In 2011, Lieff Cabraser filed a groundbreaking class action against seven of the world’s largest tech companies, including Apple, Google, and Intel, alleging a conspiracy to suppress employee pay through “no-poach” agreements. In 2015, that case resolved for settlements totaling $435 million, the largest resolution in history of antitrust claims in an employment setting.
The Daily Journal described the case as the “most significant antitrust employment case in recent history,” adding that it “has been widely recognized as a legal and public policy breakthrough.”
Unfortunately, the practice of companies secretly agreeing to avoid competing among themselves for employees continues, and continues to artificially suppress employee pay and career mobility and advancement.
Lieff Cabraser continues to investigate and bring cases on behalf of employees whose compensation and mobility have been suppressed as a result of non-compete agreements between employers.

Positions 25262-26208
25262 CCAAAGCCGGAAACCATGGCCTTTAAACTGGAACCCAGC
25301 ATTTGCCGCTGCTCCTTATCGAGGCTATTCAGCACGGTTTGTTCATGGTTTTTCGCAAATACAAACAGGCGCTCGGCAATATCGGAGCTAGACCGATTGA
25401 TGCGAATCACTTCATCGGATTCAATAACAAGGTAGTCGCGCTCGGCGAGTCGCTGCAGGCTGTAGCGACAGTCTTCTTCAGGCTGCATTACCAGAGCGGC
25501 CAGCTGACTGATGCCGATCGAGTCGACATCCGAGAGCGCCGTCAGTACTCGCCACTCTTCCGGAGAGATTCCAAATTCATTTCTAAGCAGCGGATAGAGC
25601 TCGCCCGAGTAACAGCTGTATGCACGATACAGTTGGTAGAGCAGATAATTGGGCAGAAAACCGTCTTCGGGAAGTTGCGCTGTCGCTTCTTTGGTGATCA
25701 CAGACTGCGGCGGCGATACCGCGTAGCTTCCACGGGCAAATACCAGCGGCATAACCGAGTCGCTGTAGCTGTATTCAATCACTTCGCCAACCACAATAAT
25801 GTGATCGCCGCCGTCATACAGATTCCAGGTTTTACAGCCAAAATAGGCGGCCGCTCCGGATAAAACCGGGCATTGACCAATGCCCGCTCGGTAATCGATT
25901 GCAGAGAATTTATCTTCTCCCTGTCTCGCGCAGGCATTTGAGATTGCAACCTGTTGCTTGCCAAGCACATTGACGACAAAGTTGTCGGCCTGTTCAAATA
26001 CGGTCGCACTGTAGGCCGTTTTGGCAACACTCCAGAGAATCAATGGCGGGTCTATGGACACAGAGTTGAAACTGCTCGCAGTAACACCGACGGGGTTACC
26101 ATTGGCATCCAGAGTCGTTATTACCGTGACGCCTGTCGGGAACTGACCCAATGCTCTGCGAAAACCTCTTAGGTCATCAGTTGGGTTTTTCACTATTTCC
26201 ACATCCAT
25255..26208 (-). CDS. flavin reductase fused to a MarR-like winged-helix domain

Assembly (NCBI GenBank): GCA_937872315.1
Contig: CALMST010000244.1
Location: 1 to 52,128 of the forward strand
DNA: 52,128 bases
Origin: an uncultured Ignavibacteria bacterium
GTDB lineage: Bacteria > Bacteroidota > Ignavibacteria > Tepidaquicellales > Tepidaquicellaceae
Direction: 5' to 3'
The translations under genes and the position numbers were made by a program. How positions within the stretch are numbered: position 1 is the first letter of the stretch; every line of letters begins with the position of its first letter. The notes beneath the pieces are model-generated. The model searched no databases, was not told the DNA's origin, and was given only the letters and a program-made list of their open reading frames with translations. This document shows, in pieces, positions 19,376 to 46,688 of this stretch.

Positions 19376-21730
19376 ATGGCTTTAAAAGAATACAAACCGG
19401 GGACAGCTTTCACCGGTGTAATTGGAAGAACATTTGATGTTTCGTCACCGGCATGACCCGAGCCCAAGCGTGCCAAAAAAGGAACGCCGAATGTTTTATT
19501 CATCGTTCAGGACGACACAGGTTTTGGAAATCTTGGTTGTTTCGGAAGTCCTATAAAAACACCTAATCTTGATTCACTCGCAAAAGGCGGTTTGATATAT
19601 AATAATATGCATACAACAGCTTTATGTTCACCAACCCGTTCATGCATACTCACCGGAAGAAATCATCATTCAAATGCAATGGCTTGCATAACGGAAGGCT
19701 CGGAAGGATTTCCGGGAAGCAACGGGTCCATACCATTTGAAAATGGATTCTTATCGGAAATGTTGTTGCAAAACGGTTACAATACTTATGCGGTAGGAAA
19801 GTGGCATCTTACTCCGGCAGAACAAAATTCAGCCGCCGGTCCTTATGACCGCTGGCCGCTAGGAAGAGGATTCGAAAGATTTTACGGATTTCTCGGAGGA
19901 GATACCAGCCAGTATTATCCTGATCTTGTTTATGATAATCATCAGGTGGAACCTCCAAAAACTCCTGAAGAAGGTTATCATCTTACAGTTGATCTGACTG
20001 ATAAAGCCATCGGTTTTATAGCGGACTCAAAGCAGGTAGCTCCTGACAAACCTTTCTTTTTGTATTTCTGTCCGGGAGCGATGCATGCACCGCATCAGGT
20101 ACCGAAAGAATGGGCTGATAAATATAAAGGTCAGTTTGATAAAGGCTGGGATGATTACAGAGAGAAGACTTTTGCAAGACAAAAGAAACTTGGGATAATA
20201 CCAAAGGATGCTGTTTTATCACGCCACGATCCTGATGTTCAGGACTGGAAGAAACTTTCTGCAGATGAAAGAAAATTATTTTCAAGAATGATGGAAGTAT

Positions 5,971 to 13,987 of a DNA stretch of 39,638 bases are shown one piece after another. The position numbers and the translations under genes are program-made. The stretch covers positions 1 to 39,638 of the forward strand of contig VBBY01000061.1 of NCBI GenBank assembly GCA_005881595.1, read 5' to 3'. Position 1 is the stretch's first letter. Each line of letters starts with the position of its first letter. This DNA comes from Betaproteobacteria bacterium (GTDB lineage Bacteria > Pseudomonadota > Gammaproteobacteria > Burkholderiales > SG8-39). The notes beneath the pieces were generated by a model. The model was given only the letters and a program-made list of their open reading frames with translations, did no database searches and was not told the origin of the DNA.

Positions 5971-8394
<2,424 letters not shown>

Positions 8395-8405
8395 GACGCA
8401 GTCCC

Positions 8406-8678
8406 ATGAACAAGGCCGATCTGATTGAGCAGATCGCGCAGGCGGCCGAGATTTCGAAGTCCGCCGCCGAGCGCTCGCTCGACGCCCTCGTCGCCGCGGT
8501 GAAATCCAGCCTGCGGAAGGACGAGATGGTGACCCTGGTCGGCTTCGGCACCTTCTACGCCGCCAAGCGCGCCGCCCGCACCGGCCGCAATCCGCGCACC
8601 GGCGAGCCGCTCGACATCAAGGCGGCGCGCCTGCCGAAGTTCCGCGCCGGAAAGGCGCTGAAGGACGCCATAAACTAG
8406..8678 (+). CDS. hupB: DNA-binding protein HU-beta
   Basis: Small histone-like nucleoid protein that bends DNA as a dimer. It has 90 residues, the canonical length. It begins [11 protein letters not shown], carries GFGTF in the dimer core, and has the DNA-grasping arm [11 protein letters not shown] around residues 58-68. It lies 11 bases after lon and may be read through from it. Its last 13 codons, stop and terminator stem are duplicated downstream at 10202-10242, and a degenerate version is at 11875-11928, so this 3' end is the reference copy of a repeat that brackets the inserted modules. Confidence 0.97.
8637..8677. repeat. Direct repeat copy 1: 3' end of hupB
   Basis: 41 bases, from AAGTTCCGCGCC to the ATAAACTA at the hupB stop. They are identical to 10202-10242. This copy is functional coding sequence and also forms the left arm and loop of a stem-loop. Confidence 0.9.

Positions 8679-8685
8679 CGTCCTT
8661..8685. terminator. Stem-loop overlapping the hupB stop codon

In 2019, Lieff Cabraser won a $54.5 million settlement and the American Antitrust Institute’s 2019 award for “Outstanding Antitrust Litigation Achievement in Private Law Practice” for our successful representation of Danielle M. Seaman, M.D. and a class of over 5,000 academic doctors in a federal class action lawsuit against Duke University and the University of North Carolina Health Care System alleging that an agreement between the defendants not to compete for certain of each other’s employees (a “No-Hire” pact) illegally suppressed employee compensation. The settlement includes an unprecedented role for the United States Department of Justice to monitor and enforce extensive injunctive relief.
In October 2016, the U.S. Department of Justice and the Federal Trade Commission issued Antitrust Guidance for Human Resource Professionals. In it, the DOJ and FTC announced that they intend to proceed criminally against naked wage-fixing or no-poaching agreements.
In 2018, numerous reports surfaced indicating that the DOJ is preparing to bring criminal cases against employers who enter into wage-fixing or no-poaching agreements.